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JetBlue starts Milwaukee flights as Wisconsin airports recover from COVID-19

Appetite for travel expected to bring more new flights to airports statewide

exterior of Mitchell International Airport
Mitchell International Airport. Photo Courtesy of Mitchell International Airport

JetBlue began serving Milwaukee’s Mitchell International Airport on Sunday, and a transportation expert said he expects more airlines to bring flights to Wisconsin this year and next if the demand exists.

The airport announced the addition of JetBlue flights from Milwaukee to Boston and New York City last year. The daily services officially began Sunday, making Milwaukee JetBlue’s 110th destination.

In a press release, Milwaukee County Executive David Crowley said the expansion would connect more people to the region.

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“Milwaukee County is thrilled that JetBlue will bring more tourists and business travelers from New York and Boston to Milwaukee and beyond,” Crowley said in the release.

Andrea Lusso, JetBlue’s vice president of network planning, said adding Milwaukee to its routes would help the airline diversify while giving customers more travel options.

Henry Harteveldt, president of Atmosphere Research Group, said Milwaukee has been well served by other airlines so far, making JetBlue’s decision that much more significant. Atmosphere Research Group analyzes the transportation industry.

“Jet fuel prices are a lot higher now than they were a year ago,” Harteveldt said. “Any new route that an airline adds these days is a big vote of confidence in the destinations that are being connected.”

Harteveldt said Wisconsin airports could see more airline service if there’s demand and if the airlines see a potential route as profitable. Budget airlines such as Allegiant Airlines and Spirit Airlines look for areas that might not be served by bigger airlines, he said.

“These are the types of airlines that will say, ‘Hmm, is there untapped demand that we could perhaps capture, and serve in ways that other airlines feel they can’t or are unable to do?’” Harteveldt said.

Harteveldt said whether new flights to Milwaukee and Wisconsin’s other airports last long term will depend on bookings.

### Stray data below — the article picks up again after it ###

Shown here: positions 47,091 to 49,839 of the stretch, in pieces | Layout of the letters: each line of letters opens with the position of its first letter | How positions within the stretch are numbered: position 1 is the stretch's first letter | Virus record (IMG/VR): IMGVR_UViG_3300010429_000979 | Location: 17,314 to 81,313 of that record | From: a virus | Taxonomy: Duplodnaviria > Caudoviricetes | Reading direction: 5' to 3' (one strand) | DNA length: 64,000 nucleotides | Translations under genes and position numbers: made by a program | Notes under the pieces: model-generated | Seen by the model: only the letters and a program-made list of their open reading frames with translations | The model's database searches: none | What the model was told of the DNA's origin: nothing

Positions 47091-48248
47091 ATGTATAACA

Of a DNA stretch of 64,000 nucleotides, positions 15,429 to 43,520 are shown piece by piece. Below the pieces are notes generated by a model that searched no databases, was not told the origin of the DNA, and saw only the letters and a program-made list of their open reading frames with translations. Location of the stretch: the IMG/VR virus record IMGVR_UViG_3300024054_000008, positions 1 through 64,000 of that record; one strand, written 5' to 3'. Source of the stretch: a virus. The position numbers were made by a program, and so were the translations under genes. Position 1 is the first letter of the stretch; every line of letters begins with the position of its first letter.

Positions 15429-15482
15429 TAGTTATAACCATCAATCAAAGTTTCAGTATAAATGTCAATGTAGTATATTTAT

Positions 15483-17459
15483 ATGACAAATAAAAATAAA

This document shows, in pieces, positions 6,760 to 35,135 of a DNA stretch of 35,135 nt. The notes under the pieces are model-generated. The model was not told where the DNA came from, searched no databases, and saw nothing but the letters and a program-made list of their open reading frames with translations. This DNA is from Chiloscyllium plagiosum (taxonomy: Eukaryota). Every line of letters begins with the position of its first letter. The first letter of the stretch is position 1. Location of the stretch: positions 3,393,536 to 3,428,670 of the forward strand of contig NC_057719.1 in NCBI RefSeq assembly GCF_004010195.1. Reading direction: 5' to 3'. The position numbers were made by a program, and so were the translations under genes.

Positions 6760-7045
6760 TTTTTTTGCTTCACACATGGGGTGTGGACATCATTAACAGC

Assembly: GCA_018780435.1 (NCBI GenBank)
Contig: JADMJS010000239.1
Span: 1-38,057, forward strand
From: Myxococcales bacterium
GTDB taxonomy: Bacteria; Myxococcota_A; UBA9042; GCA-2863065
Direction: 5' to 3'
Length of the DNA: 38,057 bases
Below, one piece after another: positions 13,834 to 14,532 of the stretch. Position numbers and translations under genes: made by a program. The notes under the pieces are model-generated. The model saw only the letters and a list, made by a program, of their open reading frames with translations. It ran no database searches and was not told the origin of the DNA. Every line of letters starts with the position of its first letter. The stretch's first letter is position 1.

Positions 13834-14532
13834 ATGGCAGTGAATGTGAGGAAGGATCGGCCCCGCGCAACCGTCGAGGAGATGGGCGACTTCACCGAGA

“Airlines fly for profit, not pride, and airlines fly to, you know, make themselves good businesses, not out of a sense of civic obligation,” Harteveldt said.

Another jeopardy comes in the form of competition from airports such as O’Hare International Airport in Chicago.

“If the fares in and out of Wisconsin airports are dramatically higher than they would be, say, from one of the Chicago airports, at least the folks who live in Milwaukee are going to look at that, and even with higher gas prices and having to pay more to probably park near one of the Chicago airports compared to Milwaukee, they’ll say it’s worth it to save the money,” Harteveldt said. “The airlines have to be careful. You know, greed never serves anyone very well — not long term, anyway.”

Mitchell International Airport’s traffic rebounded in 2021 after a downturn in the early months of the COVID-19 pandemic in 2020. According to the airport’s statistics, almost 2.26 million passengers boarded flights at the airport last year, up from more than 1.3 million passengers in 2020, but down from the nearly 3.45 million passengers that took flights out in 2019.

Other Wisconsin airports have experienced similar trends, according to data from the federal Bureau of Transportation Statistics. Madison’s Dane County Regional Airport, for example, saw nearly 700,000 passengers board flights there in 2021, which is down nearly 40 percent from a peak of 1.15 million passengers in 2019, but up more than 70 percent from nearly 410,000 passengers in 2020.

Harteveldt said the spring travel season has been strong so far.

“We are seeing two years of pent-up travel demand manifest itself,” Harteveldt said.

Laura Albert is a professor of industrial and systems engineering with University of Wisconsin-Madison. She said business travel in particular is slower to return to pre-pandemic levels.

“We found ways to do things remotely that are quite effective,” Albert said. “There’s not a substitute for everything, but some of that, I think, will stick around, and that might affect where routes are selected, because a lot of routes follow where business travel is needed.”

Harteveldt said the corporate travel managers he’s doing research with expect to see “a fairly fast resumption of business travel” through the rest of the year into 2023.

“People are at least talking about getting back out on the road for business,” Harteveldt said.

Albert said the exact routes that existed before the pandemic may not return. She said that’ll hit smaller airports harder.

“It’s one fewer choice, and if you have a smaller number to choose from, then that really kind of hurts,” Albert said.

Albert said as appetite for travel recovers, that’ll bring new flights, especially to smaller airports. Sun Country Airlines, for example, has announced plans for flights to Las Vegas out of Madison and Green Bay starting in September.

Harteveldt said airlines are being cautious in adding routes.

“They are trying to do something none of us have ever done before, which is serve a recovering market of demand after a pandemic,” Harteveldt said. “Airlines are doing their best to balance capacity with demand against the reality of a much more expensive environment for jet fuel.”

JetBlue marks the latest addition to Milwaukee’s air travel roster. Last year, Spirit Airlines and Sun Country Airlines both started services from Milwaukee, according to an earlier press release, and multiple other carriers already operating out of the airport added services.